A Post-Libya NATO Assessment
The last year has revealed to the Europeans three important truths about the American defense posture. First, spending on the military in the United States has reached such heights—almost $700 billion—that it has become too large for deficit-cutters to ignore. Therefore, reductions in defense expenditures are inevitable. The only remaining uncertainty is their magnitude.
Second, the United States has become more eager than ever to accept a backseat role in any “war of choice” breaking out in Europe’s neighborhood. The war in Libya was instructive. Indeed, it was Europe that stepped forward. The two most prominent European military powers—France and Great Britain—initiated the political campaign in the UN Security Council and continued it in the NATO forum. Hence, the Libyan campaign marks a new opening for the North Atlantic Treaty Organization and underlines a reversal of the roles played by Europe and the United States in the skies of Serbia and Kosovo twelve years ago. Then it was America at the forefront.
Third, the U.S. defense interest continues to shift towards Asia. A rising China has an incentive to seek gains at the margins that entail the highest possible geopolitical payoff for the lowest possible price. Therefore, China will continue to probe the strategic U.S. periphery.
It seems axiomatic, therefore, that America will slacken its engagement in Europe. But the gradual and practical implementation of NATO’s latest Strategic Concept, adopted in Lisbon, reassured frontline U.S. allies in Europe. The United States has politically and militarily invested in numerous military maneuvers—such as “Baltic Host” and “Sabre Strike”—in the Baltic states. What’s more, Poland and the United States signed an agreement that foresees a U.S. Air Force detachment permanently stationed in Poland. According to its provisions, the deployment of U.S. soldiers will focus on servicing F-16 fighters and C-130 transport aircraft—types of planes operated by both militaries—whose pilots and personnel will train together. Furthermore, Poland and Romania have become two vital pillars of the new American approach to ballistic-missile defense in Europe. According to it, by 2015 Romania will host land-based SM-3 ballistic missile-defense interceptors. A second SM-3 site is to be installed by 2018 in Poland. Finally, the U.S. administration decided not to withdraw two of its four combat brigades in Europe and is keeping three of them in place. All this reflects a U.S. commitment to NATO’s mutual-defense clause and American readiness to champion the potential “wars of necessity.”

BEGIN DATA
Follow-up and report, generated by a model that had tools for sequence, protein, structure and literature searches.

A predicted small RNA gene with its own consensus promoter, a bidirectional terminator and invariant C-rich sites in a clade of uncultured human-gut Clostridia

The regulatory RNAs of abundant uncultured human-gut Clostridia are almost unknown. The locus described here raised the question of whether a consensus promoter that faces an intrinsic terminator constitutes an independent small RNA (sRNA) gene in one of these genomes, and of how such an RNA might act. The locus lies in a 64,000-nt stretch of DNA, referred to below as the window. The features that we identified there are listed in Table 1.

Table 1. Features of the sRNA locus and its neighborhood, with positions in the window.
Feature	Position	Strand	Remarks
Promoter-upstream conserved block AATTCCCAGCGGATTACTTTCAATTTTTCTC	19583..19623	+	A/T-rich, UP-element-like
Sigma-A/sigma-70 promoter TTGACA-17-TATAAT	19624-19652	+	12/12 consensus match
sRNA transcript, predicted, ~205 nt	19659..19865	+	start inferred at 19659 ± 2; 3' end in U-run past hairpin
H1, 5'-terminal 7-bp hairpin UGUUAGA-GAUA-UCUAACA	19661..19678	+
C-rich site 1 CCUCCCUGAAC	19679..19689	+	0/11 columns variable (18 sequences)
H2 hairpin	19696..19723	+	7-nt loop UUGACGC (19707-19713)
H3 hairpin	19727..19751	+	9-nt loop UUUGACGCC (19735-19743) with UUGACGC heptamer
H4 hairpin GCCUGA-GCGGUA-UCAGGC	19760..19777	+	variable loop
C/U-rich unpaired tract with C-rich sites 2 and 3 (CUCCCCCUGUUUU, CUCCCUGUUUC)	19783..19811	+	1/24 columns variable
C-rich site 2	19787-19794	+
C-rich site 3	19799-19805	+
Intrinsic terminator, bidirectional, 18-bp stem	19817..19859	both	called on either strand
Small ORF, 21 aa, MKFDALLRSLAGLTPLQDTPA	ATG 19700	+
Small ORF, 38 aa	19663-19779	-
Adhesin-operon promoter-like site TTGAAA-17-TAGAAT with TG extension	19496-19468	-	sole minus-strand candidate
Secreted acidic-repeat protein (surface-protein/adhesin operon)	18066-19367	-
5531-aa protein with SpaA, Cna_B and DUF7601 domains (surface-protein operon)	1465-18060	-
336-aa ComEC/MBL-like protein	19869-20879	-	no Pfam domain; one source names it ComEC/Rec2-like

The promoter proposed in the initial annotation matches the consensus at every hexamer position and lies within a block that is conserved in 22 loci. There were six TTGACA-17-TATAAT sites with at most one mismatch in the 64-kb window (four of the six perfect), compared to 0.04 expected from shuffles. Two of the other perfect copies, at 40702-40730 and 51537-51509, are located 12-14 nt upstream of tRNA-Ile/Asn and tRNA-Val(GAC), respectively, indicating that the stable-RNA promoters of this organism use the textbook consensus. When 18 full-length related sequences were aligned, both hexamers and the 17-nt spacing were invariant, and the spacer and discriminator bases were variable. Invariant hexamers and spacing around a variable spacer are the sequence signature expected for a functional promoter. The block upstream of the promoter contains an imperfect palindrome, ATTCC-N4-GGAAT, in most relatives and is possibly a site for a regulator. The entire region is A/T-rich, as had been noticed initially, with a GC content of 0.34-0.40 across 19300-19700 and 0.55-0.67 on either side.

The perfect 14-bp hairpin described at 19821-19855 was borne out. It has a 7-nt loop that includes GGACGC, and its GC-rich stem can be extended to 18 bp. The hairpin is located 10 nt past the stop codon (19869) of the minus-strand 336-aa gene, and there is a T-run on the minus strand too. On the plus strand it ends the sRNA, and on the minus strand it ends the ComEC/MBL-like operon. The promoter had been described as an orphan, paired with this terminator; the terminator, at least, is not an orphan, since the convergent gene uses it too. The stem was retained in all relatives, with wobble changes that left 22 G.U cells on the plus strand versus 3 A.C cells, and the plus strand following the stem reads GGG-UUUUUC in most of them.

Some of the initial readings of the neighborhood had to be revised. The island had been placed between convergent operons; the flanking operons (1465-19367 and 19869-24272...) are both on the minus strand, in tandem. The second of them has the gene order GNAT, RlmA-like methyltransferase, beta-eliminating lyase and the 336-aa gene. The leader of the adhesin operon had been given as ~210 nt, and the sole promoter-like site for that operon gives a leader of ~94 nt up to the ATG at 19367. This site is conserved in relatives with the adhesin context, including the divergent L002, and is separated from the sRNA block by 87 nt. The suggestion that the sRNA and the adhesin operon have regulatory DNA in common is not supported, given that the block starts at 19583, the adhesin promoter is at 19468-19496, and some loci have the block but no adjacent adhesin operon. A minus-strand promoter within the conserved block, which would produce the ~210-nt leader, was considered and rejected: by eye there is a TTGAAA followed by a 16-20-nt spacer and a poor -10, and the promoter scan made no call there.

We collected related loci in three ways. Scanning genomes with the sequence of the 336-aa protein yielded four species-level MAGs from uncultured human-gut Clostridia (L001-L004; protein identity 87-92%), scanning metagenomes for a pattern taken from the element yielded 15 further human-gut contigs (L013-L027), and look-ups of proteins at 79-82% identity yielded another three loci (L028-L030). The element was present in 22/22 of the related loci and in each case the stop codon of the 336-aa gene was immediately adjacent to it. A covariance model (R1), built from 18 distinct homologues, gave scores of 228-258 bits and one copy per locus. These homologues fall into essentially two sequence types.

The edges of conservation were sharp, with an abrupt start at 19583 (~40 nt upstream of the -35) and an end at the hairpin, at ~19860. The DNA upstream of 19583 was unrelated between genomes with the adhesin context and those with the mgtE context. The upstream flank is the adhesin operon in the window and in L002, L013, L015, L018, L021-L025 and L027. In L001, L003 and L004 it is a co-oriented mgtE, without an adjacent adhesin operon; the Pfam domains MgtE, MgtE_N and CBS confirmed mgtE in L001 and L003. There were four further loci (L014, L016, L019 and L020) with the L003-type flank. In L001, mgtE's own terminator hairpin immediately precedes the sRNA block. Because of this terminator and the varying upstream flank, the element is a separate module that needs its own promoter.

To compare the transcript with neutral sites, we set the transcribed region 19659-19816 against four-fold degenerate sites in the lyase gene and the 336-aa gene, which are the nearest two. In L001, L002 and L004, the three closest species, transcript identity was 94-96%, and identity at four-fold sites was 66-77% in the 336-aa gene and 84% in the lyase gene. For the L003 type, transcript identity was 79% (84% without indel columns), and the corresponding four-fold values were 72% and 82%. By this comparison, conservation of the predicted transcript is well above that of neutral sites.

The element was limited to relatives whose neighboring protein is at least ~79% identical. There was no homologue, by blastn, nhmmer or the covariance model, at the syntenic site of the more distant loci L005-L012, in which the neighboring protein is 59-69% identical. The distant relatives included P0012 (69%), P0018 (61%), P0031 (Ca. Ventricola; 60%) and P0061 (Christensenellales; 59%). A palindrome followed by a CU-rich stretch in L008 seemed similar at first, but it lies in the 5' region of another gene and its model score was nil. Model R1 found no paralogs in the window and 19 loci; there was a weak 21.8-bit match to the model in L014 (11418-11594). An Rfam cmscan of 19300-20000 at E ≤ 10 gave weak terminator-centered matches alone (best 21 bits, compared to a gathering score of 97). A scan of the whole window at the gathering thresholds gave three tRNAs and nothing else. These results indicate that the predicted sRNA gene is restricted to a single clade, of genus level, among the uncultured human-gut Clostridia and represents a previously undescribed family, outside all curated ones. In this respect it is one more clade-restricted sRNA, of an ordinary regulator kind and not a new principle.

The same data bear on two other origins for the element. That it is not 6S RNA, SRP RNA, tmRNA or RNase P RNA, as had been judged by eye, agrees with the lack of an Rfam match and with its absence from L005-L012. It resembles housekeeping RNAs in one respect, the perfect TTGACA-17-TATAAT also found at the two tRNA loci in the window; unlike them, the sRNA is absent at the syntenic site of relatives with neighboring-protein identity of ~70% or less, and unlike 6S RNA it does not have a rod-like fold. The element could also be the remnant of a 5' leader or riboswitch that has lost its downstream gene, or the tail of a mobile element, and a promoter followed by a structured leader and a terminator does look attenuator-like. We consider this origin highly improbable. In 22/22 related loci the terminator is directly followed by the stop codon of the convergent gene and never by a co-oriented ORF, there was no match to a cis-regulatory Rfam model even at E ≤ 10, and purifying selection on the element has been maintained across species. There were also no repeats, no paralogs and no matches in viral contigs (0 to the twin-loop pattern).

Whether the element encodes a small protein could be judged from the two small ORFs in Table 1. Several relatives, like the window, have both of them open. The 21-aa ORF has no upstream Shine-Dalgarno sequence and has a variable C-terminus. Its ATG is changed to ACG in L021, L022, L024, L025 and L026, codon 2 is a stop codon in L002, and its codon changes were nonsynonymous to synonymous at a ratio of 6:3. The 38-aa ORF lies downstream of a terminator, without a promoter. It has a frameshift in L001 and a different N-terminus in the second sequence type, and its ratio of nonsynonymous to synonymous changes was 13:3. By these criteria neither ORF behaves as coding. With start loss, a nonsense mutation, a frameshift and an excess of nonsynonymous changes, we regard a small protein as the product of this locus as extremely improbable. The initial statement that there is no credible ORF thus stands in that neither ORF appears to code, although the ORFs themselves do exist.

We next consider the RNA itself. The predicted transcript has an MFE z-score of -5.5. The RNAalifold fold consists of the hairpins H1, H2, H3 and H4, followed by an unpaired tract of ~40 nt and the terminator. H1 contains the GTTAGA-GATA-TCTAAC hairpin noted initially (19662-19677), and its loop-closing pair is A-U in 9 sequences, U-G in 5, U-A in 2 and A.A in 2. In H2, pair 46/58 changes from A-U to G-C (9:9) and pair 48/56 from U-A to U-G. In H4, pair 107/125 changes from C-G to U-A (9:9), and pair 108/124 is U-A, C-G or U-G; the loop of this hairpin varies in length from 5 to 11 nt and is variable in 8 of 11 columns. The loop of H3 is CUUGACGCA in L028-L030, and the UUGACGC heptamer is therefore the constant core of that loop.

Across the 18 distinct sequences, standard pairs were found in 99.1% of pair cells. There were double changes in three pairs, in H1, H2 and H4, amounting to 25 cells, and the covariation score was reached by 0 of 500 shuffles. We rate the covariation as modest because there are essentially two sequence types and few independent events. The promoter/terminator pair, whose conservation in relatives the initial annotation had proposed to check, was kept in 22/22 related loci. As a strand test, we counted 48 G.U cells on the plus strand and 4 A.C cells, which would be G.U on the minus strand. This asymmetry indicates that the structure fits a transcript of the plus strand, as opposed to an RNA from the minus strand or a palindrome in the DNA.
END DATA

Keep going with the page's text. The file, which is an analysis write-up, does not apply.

Still, the past year has revealed the weaknesses of both multinational organizations present on the Old Continent—NATO and the EU.
From the NATO perspective, two worrisome trends have emerged. First, despite the political backing for operation “Unified Protector,” fewer than one-third of NATO allies actually participated in strike missions, and fewer than half contributed contingents. That raises a question: Why so few? Some countries, especially the more recent entrants, have been extensively engaged in other NATO operations (Afghanistan, Kosovo). They may believe a contribution to another mission would overstretch their capabilities. Others lack the necessary air and naval assets that would mesh operationally with those of their allies. Both situations reveal, however, another pan-European weakness: the decline in defense spending.
The financial crisis has become the new normal. It changed the logic of international relations, ushering in a new era marked by intensifying “zero-sum” geopolitical rivalries. Thus, only four European countries are meeting the minimum threshold of 2 percent GDP expenditures on national defense.
From the EU perspective, the situation seems even worse. One of the recent issues of the prestigious European magazine Europe’s World contained an eye-catching advertisement for NATO: “Question: Which organization adopted a new vision of its geopolitical role in Lisbon? Hint: It wasn’t the European Union!” The ad’s not so subtle jibe has been borne out by the Libyan crisis, which caught the EU by surprise. In fact, there is a growing sense of ambiguity about the real outcome of the EU’s crisis-management policy. Despite being the subject of occasional good news, it is hardly an unalloyed success. That is in part because of two main operational obstacles the EU continues to face. First and foremost, the EU still lacks adequate civilian and military capabilities. The second obstacle is inherent in the EU’s institutional structure and how it works. The bureaucracies responsible for foreign and security policy—including the European External Action Service, the EU’s diplomatic corps—are still essentially under construction.
Fortunately, there are three remedies to these problems. The first comes with a sense of fiscal reality. Indeed, the armed forces on the Old Continent should undergo the necessary reforms. Numerous European states need to complete the modernization of their militaries by further phasing out Cold War-legacy equipment and continuing to invest in modern materiel. The minimum threshold of 2 percent GDP defense expenditures is not solely a hint. It is a must, especially considering that defense spending globally continues to grow.
The second is a sense of shared purpose, which probably can be achieved only with a joint departure from Afghanistan. As the late General Franciszek Gągor, Chief of the General Staff of the Polish Armed Forces, used to say: “Afghanistan does not constitute a test, but a task for NATO.” It’s a task that must be completed.